FROM THE VICAR
As November quickly approaches, remembering seems to be what we do. The ‘gunpowder, treason and plot’ of November 5th quickly gives way to a more solemn remembering of the war dead of a century and more on and around November 11th. But there’s more to remembering than simply recalling past events, though that’s certainly a part.
When we properly remember something, we recognise that we are part of the same story, and that the events of the past – even those in which none of us were directly involved – can and do impact how we think and act and live today. The thwarted attempt to assassinate the King and Parliament in 1605 stands as a lesson to us, over four hundred years later, that violence is not a good solution to our political disagreements, no matter how complicated and seemingly intractable things might appear. To honour the casualties of war is not just to pay tribute to bravery and self-sacrifice which continues even today, as right as it is to do so, but it is a continuing challenge to us all to strive for a world where such bravery and self-sacrifice are no longer needed.
The Church also has its own special days of remembrance at the beginning of November. November 1st is All Saints’ Day (in older English also known as All Hallows’ Day – hence the name “Hallowe’en” for October 31st), a day when we give thanks for all those who have lived Christian lives worthy of celebration. There are, of course, days for particular named saints throughout the year – and watch out for more from me on that topic in the December issue of Hambledonian! – but this is a day to celebrate them all together, even those ones whose names we no longer recall, and to think about how their examples of life and faith can inspire and shape us today. We’ll be marking the day on Friday 1st November with a service at St Peter’s Soberton at 7.30pm, and also at our morning services on Sunday 3rd November.
November 2nd, meanwhile, is All Souls’ Day, for remembering all those whom we have loved and yet see no longer. Family members, friends, loved ones, people from our village…there are so many who, in some way or other, have made us each into the people we are today. There will be special evening services of ‘Remembering Loved Ones’ in St Peter’s Soberton and here at St Peter & St Paul Hambledon on Sunday 3rd November for us to remember and give thanks for everyone who has influenced our lives. All Saints’ and All Souls’ together also remind us that while we may eventually be forgotten by people, we will never be forgotten by God (Isaiah 49.15). As always, you are all warmly invited to come and join in these and indeed any of our church services across the benefice.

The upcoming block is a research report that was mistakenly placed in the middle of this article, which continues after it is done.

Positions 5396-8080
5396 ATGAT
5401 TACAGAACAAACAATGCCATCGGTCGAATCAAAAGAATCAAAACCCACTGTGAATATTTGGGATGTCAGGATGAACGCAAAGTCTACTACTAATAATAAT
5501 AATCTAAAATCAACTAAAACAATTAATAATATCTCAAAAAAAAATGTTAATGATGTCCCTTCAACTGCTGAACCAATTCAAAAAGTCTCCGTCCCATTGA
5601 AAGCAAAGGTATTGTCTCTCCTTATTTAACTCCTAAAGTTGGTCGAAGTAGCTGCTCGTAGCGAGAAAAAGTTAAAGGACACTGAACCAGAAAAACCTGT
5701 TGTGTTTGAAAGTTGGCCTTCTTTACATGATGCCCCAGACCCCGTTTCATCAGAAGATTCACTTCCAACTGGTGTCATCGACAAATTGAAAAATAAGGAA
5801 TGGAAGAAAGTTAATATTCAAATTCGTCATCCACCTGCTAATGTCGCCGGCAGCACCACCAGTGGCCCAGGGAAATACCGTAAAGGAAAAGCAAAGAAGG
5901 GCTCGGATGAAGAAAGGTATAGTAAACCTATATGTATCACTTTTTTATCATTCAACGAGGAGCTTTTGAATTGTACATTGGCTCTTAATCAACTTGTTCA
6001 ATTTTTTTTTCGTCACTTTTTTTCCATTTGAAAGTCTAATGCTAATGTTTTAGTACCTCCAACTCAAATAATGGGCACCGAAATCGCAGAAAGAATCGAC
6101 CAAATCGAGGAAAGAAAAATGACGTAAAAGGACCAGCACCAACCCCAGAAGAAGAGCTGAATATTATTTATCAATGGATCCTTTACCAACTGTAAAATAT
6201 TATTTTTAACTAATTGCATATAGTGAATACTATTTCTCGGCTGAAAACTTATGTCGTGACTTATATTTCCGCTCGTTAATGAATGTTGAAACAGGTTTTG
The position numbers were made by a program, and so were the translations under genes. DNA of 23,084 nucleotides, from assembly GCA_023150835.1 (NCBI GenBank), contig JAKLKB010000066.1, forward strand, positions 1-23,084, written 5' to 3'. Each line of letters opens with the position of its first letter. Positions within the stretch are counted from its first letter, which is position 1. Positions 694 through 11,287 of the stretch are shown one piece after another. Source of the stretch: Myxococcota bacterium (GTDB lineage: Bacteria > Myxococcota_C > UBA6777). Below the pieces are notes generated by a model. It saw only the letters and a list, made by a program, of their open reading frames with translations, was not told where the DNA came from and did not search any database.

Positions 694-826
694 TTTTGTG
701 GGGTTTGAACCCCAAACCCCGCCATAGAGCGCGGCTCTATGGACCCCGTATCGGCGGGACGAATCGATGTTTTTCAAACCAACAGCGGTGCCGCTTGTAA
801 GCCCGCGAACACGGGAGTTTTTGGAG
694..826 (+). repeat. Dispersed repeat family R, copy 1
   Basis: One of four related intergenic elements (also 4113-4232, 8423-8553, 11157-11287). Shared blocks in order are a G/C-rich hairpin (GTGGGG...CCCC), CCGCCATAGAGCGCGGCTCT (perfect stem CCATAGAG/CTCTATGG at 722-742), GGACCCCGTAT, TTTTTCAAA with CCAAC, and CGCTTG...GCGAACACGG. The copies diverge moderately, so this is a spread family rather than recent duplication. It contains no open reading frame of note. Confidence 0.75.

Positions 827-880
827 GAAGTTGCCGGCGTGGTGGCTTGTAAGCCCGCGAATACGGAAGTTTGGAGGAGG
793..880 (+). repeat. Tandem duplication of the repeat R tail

There isn’t much point in remembering so much in the first few days of November, however, if it doesn’t make any difference to us the rest of the year. In fact, if it doesn’t make any difference, then we almost certainly haven’t actually remembered properly. Are all these things just an excuse to tell good tales about the past? Or are they opportunities to think, to learn, maybe even to change how we are going to live right now?
Just as the events of the past aren’t only tales to be recalled, but part of the story of who we currently are, so our lives are part of the story that will shape the lives of generations to come, sometimes in ways we can’t even imagine. Our village, our country, our world, and each of us – we are all how and who we are because if the influence of people we will never know. Really, truly remembering the people and events of the past reminds us of that, and it also challenges and inspires us to be people whose lives and influence will be remembered for the right reasons even when our names are long past human recollection. Whoever, whatever, and however you choose to remember this November, let us give thanks for all that has been good, be honest about those things which have not been good, and together learn from it all. Let’s make our small part of the story one that, for all the best reasons, people will want to remember.